For adults, it is shown that in emergencies and general medicine, the PCT may allow a reduction of ABT prescriptions [13-16]. The PCT also helps reduce the indications complementary examinations [17] and durations of ATB in the ICU [18].


2. Diagnosis and management of neonatal sepsis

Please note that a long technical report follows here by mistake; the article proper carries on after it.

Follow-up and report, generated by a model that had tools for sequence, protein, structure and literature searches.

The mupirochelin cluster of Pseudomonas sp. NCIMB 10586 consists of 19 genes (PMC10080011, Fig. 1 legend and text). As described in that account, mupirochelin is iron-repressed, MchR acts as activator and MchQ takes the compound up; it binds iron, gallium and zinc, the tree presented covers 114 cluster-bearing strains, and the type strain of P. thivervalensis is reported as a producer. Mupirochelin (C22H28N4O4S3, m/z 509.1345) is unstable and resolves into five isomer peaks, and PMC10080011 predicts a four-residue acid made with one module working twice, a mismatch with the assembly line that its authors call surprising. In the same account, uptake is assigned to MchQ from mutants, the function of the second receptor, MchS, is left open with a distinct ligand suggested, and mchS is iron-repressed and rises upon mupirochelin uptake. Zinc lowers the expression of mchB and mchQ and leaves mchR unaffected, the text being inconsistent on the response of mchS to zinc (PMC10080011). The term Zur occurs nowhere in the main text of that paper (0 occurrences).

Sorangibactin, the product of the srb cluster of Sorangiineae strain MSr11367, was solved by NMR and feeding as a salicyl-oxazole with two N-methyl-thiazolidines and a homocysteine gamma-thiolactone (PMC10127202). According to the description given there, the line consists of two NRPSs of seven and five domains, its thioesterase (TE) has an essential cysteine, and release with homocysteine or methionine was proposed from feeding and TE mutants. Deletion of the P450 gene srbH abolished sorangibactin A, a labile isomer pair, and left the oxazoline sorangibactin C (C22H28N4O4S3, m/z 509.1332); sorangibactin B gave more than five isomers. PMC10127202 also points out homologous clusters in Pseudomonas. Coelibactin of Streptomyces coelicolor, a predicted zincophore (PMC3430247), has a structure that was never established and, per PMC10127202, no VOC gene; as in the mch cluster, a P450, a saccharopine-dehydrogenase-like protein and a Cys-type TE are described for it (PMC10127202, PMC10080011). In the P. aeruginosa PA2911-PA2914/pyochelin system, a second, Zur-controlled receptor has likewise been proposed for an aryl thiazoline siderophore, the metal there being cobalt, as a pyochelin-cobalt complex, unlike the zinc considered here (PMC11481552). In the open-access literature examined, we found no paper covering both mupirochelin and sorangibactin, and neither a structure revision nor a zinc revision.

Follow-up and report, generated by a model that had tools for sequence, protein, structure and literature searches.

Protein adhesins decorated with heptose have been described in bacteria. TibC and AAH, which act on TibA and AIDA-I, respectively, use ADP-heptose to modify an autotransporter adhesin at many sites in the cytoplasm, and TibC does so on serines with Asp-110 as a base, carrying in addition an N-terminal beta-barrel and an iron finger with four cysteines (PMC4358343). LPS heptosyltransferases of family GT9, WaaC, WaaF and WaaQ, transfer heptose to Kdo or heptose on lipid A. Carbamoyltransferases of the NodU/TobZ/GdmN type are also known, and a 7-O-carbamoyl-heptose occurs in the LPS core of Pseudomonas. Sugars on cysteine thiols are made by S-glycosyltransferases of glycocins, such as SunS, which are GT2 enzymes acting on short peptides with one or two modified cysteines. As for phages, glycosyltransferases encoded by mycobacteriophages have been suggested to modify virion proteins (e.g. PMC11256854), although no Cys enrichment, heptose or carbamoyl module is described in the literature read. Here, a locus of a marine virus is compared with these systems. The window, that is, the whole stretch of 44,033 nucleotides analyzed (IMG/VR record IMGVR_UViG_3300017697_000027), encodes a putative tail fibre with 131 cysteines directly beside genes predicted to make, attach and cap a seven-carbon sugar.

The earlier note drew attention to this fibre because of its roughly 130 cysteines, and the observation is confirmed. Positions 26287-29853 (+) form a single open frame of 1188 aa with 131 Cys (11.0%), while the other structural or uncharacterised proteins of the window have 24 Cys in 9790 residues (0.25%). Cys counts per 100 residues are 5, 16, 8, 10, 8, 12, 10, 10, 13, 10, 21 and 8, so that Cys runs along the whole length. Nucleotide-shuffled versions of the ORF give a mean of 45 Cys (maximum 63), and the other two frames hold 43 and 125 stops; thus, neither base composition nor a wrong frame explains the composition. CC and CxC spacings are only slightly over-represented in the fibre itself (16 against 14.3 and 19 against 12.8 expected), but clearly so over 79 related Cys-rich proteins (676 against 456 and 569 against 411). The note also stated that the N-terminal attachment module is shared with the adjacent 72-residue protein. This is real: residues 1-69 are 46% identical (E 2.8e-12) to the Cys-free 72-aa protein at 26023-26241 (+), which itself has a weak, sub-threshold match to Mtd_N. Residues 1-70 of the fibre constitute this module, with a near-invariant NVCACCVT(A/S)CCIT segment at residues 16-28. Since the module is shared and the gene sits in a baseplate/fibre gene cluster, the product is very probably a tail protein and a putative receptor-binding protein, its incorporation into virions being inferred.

Bacterial infections can be a devastating complication for newborns and continue to be a significant cause of mortality and long-term morbidity for hospitalized newborns and premature infants [2, 19]. In the United States, the estimated annual incidence of severe sepsis in newborns is 0.3 per 100 live births. The estimated mortality for neonates with severe sepsis is 10.3%, with most deaths occurring within the first 48 hours of infection. Mortality rates vary by causative organisms. Data from the National Institute of Child Health and Human Development Neonatal Research Network reported mortality rates with gram-negative infections at 36% and 32% with fungal infections. Infected infants had significantly longer hospital stays, ongoing neurodevelopmental impairment, and higher mortality rates than very low birth weight infants who did not have late-onset sepsis. The diagnosis of neonatal sepsis is difficult to establish and remains a challenge for neonatal health care providers. Early signs and symptoms of neonatal sepsis are often nonspecific and easily confused with conditions that are expected in this population. The fear of missing a case of neonatal infection with its serious outcomes has led to overuse of antibiotics in the neonatal intensive care environment and the emergence of resistant organisms. Neonatal care providers have evaluated numerous tests searching for one that would be helpful for the diagnosis of NS with a rapid confirmation. Despite extensive investigation over the past decades, there is still no single test to be ideal for the early diagnosis of sepsis in newborns. In usual practice and research, investigations include blood culture and bacteriologic samples, hematological examinations, acute phase reactants (proteins CRP and PCT) and polymerase chain reaction [1]. In this article, we mainly study acute phase proteins, with a special interest for PCT. A recent study demonstrates that level of umbilical cord blood PCT is considered as a risk factor for mortality in very premature infants [20].